The long blat of the car horn
reminded me that the pleasantness of the evening was directly proportional to his
mood when we arrived. The aptly named “Liar’s Corner” was already in action
when he tossed me his coat and grabbed a beer. By the time I’d taken care of
things, greeted friends, and found a table, I heard the familiar roar that
always accompanied Herb’s favorite story.
The fish story.
Three years earlier, on a vacation
I’d won in a raffle, he’d caught a perfectly respectable five-pound catfish. By
the time the story had erupted into full bloom, Captain Ahab had an easier time
with his whale than Herb did landing that fish.
“You’re so full of shit you slosh
when you walk.”
“Tell us about the time you were an
“I wouldn’t believe you if you said
the sky was blue.”
Like a snake oil salesman, Herb
landed his trademark line, “Gentlemen, if I’m lyin’ I’m dyin’ and may God
strike me dead.” A theatrical eye roll skyward and applause erupted.
Good laughter meant a good evening
and I was warm and happy when he bellowed, “Hurry up. Wayne Newton is on Kimmel
tonight and it’s supposed to rain.” By the time I settled our tab, Herb had the
car at the curb with my door open. A rolling stop at the corner and we were on
“Dammit, we’re empty. Why didn’t
you get fuel earlier?” he said, veering into the gas station.
“I didn’t go out today. I’m sorry.”
“Since we’re here, get me some
I’d long ago perfected the
thirty-second bathroom stop, but when I exited with two steaming cups, I saw I
could have taken my time. A camper towing a boat had pulled in next to us.
Wayne Newton forgotten, Herb was telling a story.
The fish story.
I didn’t have to hear it. I could
tell from the gestures. The wind had picked up and when I lifted my cup, a
small spark of static electricity stung my lips. As the epic battle of man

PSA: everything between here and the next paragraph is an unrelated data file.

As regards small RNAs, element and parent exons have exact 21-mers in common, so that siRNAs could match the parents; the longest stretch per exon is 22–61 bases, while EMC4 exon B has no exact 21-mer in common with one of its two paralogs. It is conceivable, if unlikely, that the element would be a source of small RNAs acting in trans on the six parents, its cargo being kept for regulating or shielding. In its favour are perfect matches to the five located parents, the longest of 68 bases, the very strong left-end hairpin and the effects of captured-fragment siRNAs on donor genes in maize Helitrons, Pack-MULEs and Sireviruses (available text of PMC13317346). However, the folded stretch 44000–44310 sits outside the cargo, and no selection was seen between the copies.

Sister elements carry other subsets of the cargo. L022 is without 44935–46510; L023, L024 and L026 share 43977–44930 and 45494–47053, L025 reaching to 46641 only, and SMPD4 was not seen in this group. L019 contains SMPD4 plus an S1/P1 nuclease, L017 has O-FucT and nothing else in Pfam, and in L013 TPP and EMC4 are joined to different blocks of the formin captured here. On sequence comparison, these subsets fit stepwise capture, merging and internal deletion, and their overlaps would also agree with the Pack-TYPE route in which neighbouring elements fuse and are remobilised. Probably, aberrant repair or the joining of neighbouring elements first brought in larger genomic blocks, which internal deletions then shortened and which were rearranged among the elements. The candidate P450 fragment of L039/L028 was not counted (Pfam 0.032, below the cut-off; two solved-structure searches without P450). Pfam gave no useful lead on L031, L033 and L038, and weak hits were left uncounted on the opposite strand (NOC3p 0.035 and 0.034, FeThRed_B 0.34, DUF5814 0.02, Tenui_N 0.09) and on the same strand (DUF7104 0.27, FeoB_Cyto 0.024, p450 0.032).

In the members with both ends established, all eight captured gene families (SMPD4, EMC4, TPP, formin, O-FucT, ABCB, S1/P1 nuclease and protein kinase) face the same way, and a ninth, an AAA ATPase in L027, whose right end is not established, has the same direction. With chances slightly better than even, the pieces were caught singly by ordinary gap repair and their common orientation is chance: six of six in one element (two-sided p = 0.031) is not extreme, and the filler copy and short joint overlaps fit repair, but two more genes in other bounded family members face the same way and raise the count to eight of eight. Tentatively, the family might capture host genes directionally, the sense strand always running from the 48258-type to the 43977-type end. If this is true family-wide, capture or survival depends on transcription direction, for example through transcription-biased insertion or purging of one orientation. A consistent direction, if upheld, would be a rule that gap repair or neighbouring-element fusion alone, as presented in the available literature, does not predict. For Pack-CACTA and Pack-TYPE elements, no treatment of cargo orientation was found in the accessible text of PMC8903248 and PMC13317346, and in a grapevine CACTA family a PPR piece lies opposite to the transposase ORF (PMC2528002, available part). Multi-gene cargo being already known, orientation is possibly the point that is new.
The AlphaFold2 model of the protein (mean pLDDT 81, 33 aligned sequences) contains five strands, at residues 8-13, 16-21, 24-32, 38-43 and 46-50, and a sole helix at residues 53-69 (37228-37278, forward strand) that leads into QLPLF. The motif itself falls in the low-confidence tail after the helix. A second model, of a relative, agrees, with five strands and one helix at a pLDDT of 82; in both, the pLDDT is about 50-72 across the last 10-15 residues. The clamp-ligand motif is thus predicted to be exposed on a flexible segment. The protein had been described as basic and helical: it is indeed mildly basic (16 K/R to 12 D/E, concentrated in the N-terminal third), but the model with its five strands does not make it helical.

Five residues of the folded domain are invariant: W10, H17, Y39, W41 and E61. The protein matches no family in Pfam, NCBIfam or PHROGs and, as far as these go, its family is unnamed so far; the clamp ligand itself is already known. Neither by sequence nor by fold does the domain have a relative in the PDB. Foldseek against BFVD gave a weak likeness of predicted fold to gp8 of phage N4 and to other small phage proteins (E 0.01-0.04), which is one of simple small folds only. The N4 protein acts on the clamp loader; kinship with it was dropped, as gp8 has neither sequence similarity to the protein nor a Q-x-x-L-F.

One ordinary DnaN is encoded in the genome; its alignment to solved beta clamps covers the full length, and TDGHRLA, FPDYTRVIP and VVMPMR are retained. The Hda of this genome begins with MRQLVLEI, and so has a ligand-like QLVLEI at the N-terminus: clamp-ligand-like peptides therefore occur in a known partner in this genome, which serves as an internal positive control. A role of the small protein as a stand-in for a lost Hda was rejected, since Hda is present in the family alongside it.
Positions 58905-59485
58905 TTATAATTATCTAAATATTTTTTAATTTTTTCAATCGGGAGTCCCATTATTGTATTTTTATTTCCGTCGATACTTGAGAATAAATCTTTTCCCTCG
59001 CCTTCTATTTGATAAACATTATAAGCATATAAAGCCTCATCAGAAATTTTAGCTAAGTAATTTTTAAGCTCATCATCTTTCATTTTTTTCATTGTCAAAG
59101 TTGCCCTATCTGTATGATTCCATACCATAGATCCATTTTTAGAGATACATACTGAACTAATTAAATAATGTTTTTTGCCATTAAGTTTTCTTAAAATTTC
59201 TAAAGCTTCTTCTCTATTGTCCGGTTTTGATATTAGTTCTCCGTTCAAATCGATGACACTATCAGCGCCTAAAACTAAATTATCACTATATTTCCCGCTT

versus beast reached its crescendo, the sky split with a crack and a perfect
lightning bolt descended slowly enough for me to count every twist and turn
before it hit the earth.
More precisely, before it hit Herb.
“I have to admit, I don’t remember
much after that. The EMT told me I was thrown off my feet and hit my head.
Luckily, we live in the era of cell phone cameras.”
A single keystroke brought the
computer out of sleep mode. I’d caught several guests sneaking over to watch
the video. I couldn’t blame them. They weren’t alone. The hit counter was
edging toward three million.
“Honey, you’ve gone viral.”
It was dark and grainy, but
unmistakable. The police reports said a downed power line had snaked across the
parking lot, snagged the stunned and twitching Herb, and whip-sawed him into a
jumble of wires and blown circuits. My husband, or more correctly, what was
left of him, dangled from the pole by the cuff of his charred and smoking khakis,
swaying in the wind. The soundless video ran for ninety seconds before the
camera owner was corralled behind a barricade.
“The power outage affected half the
city. Did you know that the coroner said I should get a discount on the
cremation since you were halfway there? I didn’t, by the way, the greedy
bastard. Your death was listed as
, but we both know different, don’t we?”
Juggling the urn, the whiskey
bottle, and the three cards from the gypsy machine, I went to the bathroom.
Using my nail file, I pried open the wax seal and pulled out the plastic bag.
“I haven’t been sleeping much, so I
had time to think. The gypsy was calling it and making it happen. The next burn
would have been second degree. After that, who knows? I’m sorry I messed things
up when I stopped her. I would have had another six free months if I wasn’t so
I tore the bag open and as I poured
the contents into the toilet, I chanted:
from a telephone wire . . .
Terri Lynn Coop is a purveyor of pop culture at the Vault of Awesome When she is't wrangling her four Chihuahuas and cursing at her roof leak, she writes legal thrillers and romance. Her first book, "Devil's Deal", is available through Amazon.
Image was created before 1923 and is public domain. Adapted by Terri Lynn Coop and used with permission.